Track by Track” is written by the Artist who make the music possible. Today we feature – “Promises to Deliver” by Nato Coles & the Blue Diamond Band.
all text by Nato Coles
PROMISES TO DELIVER (Rum Bar Edition) – Track By Track
“See Some Lights”
This one’s an ode to living it up, and living well, and the good things in life. Lyndale Avenue is a pretty major thoroughfare in Minneapolis – our drummer actually lives on it. The Adversary is a reference to the party at the end of the Steinbeck novel Tortilla Flat. Jericho Hill is both Johnny Cash and Steven King, although I’ve always suspected the latter borrowed the name from the former. I bought the lyric “I feel like the calm before a storm” from my friend Whiskey Jeff Larson. We reached a deal – one shot of Jameson’s, and it was mine to use as long as I gave him credit. It’s from the hook of one of his best songs, check him out. Why not Powers, since the song mentions Powers? Well, between the time the song was written and the time I “bought” it from Jeff, they changed the recipe of Powers and in my opinion not for the better! So now I just drink Jameson’s. I used to be pretty 50/50 between the two whiskeys. This was the last song written for the album, by the way. But in another way, it’s not – the main riff is something I used for a different song for a band back in Brooklyn that I was in called The Headless Hookers. I didn’t pick that name, believe me.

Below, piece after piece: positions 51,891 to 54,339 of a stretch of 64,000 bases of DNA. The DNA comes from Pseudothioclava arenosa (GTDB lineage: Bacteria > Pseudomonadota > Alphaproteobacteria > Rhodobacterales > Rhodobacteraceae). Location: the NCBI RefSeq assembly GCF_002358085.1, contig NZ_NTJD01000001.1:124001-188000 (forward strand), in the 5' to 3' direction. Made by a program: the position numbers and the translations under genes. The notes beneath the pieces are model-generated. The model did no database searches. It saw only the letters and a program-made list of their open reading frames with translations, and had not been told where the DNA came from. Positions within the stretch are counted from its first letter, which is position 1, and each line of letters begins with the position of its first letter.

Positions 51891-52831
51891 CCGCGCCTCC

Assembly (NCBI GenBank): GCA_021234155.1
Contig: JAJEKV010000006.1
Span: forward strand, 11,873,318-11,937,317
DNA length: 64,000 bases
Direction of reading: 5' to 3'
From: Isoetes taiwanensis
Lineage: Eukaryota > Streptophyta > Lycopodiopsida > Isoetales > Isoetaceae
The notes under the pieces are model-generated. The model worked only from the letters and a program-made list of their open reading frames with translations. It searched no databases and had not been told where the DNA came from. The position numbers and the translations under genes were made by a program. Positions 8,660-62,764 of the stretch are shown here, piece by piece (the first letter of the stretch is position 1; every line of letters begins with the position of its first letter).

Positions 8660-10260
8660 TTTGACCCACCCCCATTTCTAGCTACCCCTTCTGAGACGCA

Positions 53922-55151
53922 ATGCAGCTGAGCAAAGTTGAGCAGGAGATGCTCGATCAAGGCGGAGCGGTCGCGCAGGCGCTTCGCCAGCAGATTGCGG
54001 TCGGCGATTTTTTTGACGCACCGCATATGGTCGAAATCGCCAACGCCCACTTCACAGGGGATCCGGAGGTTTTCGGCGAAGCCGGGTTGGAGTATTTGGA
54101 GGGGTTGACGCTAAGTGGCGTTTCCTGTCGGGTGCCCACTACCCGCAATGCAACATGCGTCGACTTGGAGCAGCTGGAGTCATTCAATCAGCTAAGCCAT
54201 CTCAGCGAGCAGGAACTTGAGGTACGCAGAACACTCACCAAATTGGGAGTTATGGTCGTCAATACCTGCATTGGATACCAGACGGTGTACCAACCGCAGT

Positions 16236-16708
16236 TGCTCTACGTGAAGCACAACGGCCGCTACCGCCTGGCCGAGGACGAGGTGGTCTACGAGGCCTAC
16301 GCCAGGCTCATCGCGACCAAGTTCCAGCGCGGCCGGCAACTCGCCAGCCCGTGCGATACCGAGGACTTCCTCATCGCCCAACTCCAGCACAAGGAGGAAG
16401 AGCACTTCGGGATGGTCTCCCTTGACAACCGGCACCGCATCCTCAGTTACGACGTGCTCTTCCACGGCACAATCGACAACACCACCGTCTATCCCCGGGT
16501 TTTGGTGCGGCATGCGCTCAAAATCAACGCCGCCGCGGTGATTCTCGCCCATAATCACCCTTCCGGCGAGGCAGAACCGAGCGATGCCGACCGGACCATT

“Julie (Hang Out A Little Longer)”
Inspired by a friend of mine in Florida who lamented to me once during conversation that she had a new job, and they had drug testing, so she couldn’t smoke weed anymore. Which previously she had very much enjoyed doing. And still does! If “See Some Lights” is about getting the party going early, “Julie” would be about keeping the party going late. The party of life. Andrew WK should cover this one. I threw in one of my favorite Replacements lyrics of all time in this song, too. See if you can find it…
“You Can Count On Me Tonight”
We all have bad days at the office, whether your office is an office, or a garage, or the dining area of a restaurant. This song is about all of these but in particular, about that last one, and I should mention that I and perhaps 90% of the people in my life have worked or currently work in the service industry. So yeah,when you’re out to dinner with the Blue Diamond Band, we’re silently judging how you treat and tip the server! Ha! Musically it’s my attempt to be Phil Lynott, both on guitar and vocal delivery. For the drums near the end, I told Mike Cranberry (our drummer) to “play something that will make people drum along on the dashboards of their cars”. So he did. Good job, Mike! People out there, don’t hit your dashboards too hard now. If you can help it.